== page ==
Gardaí have upgraded their investigation into the disappearance 20 years ago of teenager Deirdre Jacob to a murder investigation.
The Irish Times has also learned gardaí investigating the murder of the 18-year-old have identified a chief suspect.
This suspect is from Leinster and has spent time in prison for violent crime against women.
The investigation into the teenager’s disappearance was upgraded to a murder investigation based on information received recently during a review of the case.
She disappeared on Tuesday, July 28th, 1998, as she was walking from Newbridge, Co Kildare, to her home about 1.5km away.
She had gone to get a bank draft to pay for student accommodation in London where she was studying to become a primary-school teacher.
She was 18 at the time of her disappearance and no trace of her has ever been found.
In a statement on Tuesday gardaí said: “As a result of new information being received, An Garda Síochána have re-classified the Deirdre Jacob investigation from a missing person investigation to a murder investigation.”
The teenager was last seen on July 28th, 1998 at Roseberry, Newbridge, at about 3pm.
At the time she was living at home for the summer having finished her first year in St Mary’s University, in Twickenham, London.
The missing person case was reclassified as a murder investigation following an intensive review by the Garda cold case unit and local gardaí in Kildare, over the last twelve months.
The murder inquiry is being conducted by gardaí in Kildare alongside the cold case unit.
A Garda spokesman said the “team are following a number of lines of enquiry and progress is being made on the investigation”.
Speaking on Tuesday morning at Naas Garda station chief superintendent Brian Sutton appealed for anyone with information regarding the case to contact gardaí in Kildare, or the confidential hotline.
The Garda investigation team can be contacted at Kildare Garda Station, 045 521222 or the Garda Confidential Line 1800 666 111.
“Deirdre Jacob was 18-years-of-age when she was last seen on July 28th, 1998 as she walked to her home in Newbridge, Co Kildare. She was a young woman starting off her life, who had just completed one year at St Mary’s University, Twickenham, London.
“Deirdre had enjoyed her life in London and was looking forward to returning to college that September when her life was taken away on or after July 28th, 1998,” chief supt Sutton said.
Difficult time for family
Her father Michael Jacob said his family had been informed of the development “as a result of useful information coming in since our last appeal”. He said even though the family were aware this was about to happen “nevertheless when we were listening to it over the airwaves and on the TV this morning it still came as a shock, just hearing those sort of words that Deirdre was murdered. It’s a real heart wrenching situation”.
He said they always held out hope. "You always look for a glimmer of hope ...but now with the investigation going in this direction obviously it's a difficult time," he told RTÉ's News at One.
He hoped the coverage the story is now getting will encourage anyone with information to come forward. “Now is a good time to tell ... so the next few vital steps can be made”.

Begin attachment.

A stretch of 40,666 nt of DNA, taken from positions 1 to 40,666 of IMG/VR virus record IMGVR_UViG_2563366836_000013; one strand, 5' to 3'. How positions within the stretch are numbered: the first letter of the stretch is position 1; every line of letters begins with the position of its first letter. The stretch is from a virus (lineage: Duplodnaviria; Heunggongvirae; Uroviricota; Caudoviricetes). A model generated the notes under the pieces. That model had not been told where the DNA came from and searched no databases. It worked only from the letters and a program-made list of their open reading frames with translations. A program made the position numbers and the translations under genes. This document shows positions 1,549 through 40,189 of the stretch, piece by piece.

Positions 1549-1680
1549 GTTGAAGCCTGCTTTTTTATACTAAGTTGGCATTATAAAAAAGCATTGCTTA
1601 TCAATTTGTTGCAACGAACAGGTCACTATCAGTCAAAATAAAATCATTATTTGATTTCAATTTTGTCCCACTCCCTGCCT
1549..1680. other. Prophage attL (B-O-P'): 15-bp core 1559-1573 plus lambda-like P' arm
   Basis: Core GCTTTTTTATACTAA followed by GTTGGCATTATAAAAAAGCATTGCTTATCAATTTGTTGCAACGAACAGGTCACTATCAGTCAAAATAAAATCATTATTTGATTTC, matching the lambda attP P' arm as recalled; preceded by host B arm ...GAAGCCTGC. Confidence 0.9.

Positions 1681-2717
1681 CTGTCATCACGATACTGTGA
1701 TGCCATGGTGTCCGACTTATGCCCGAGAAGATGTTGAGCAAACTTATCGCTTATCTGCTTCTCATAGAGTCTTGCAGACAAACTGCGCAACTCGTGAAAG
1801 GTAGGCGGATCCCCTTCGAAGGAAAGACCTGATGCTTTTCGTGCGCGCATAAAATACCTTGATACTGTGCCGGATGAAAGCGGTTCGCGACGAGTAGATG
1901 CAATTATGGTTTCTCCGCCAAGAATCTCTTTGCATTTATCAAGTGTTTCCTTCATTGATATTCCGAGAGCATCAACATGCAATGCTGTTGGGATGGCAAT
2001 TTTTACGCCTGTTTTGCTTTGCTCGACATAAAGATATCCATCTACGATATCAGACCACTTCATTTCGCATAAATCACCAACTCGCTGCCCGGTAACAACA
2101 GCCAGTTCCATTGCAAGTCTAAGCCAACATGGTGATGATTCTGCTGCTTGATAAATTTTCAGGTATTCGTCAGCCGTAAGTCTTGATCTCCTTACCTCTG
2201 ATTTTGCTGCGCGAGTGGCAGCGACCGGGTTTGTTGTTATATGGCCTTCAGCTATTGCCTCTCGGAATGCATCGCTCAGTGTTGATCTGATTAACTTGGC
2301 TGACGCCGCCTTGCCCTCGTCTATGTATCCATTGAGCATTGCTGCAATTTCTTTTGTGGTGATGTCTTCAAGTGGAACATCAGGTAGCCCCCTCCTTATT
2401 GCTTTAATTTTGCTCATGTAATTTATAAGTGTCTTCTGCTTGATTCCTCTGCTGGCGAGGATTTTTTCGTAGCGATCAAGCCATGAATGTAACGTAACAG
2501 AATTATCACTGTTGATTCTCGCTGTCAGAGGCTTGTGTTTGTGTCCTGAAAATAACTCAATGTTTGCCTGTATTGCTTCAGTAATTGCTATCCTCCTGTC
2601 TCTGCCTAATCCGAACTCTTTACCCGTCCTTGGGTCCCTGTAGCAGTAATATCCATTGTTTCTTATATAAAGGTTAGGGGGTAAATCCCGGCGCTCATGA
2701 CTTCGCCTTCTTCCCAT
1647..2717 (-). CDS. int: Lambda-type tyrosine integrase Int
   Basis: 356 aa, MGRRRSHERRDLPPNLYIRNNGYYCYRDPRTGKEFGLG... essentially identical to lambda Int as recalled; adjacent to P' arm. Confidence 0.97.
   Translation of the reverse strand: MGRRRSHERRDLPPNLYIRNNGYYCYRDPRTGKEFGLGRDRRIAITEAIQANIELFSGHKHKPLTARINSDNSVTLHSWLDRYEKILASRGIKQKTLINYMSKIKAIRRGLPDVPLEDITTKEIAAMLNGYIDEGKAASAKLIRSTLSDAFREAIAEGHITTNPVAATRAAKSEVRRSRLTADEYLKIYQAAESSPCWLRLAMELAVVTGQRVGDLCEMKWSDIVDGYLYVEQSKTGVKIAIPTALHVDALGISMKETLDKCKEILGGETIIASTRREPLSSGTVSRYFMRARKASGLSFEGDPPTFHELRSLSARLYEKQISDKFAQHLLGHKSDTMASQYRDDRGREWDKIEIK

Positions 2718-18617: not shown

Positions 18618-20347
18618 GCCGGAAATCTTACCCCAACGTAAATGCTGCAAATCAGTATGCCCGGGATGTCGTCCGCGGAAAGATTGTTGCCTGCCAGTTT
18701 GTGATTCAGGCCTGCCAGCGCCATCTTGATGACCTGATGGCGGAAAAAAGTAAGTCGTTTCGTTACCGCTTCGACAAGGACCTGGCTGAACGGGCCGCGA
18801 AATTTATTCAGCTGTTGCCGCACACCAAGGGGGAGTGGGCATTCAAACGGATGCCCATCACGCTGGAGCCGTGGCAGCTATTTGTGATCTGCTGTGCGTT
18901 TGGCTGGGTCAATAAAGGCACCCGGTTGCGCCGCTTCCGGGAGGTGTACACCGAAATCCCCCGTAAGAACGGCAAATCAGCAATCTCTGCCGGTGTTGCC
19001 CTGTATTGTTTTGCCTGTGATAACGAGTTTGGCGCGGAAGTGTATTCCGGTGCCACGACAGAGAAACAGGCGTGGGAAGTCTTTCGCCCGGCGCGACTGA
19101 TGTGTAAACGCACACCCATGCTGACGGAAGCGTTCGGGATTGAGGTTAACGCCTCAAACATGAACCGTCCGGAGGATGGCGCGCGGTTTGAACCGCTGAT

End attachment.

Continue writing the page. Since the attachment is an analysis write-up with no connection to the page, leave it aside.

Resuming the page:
Mr Jacob and his wife Bernie have issued previous appeals for information several times over the last two decades.
They told The Irish Times in an interview a number of years ago that one of the most difficult periods of the last 20 years was when a hoax caller contacted gardaí about 10 days after her disappearance.
Based in Co Fermanagh, the man first called the Leinster Leader newspaper, in Kildare, and then several Garda stations. He said he gave a lift to a girl from Clane village, in Co Kildare, to Carrickmacross, in Co Monaghan.
Following the calls the search in Co Kildare was stopped and the operation diverted to Monaghan and Fermanagh. The family travelled north based on the information from the hoaxer.
At the request of the family the tape of his calls was released and played on RTÉ. “Within half an hour they had so many calls they knew who he was,” said Michael.
“They said he had had a tragedy in his own family, and this is why he had done this,” said Bernie Jacob. “I find it impossible to reconcile that, having gone through a tragedy himself, he would impose one on us.”
On the day her daughter disappeared, Bernie Jacob returned to find the front door locked, which set off alarm bells as it meant her daughter had not returned home.
A large scale search by gardaí, local volunteers, and Civil Defence teams in the weeks after her disappearance failed to turn up any clues in the case.
The student’s disappearance is one of six high profile cases involving young women who went missing in the Leinster area during the 1990s.
Operation Trace was the name given to the Garda investigation set up to examine if there were any links between the cases, which included Fiona Sinnott, Josephine Dullard, Ciara Breen, Fiona Pender and Annie McCarrick.
No links between any of the cases were ever found. And though all of the cases remain unsolved and none of the women’s remains were ever found, gardaí believe they were all murdered.
In some of the cases gardaí have had clear suspects for years. For example, Fiona Pender, Fiona Sinnott and Ciara Breen are believed to have been killed by men known to them.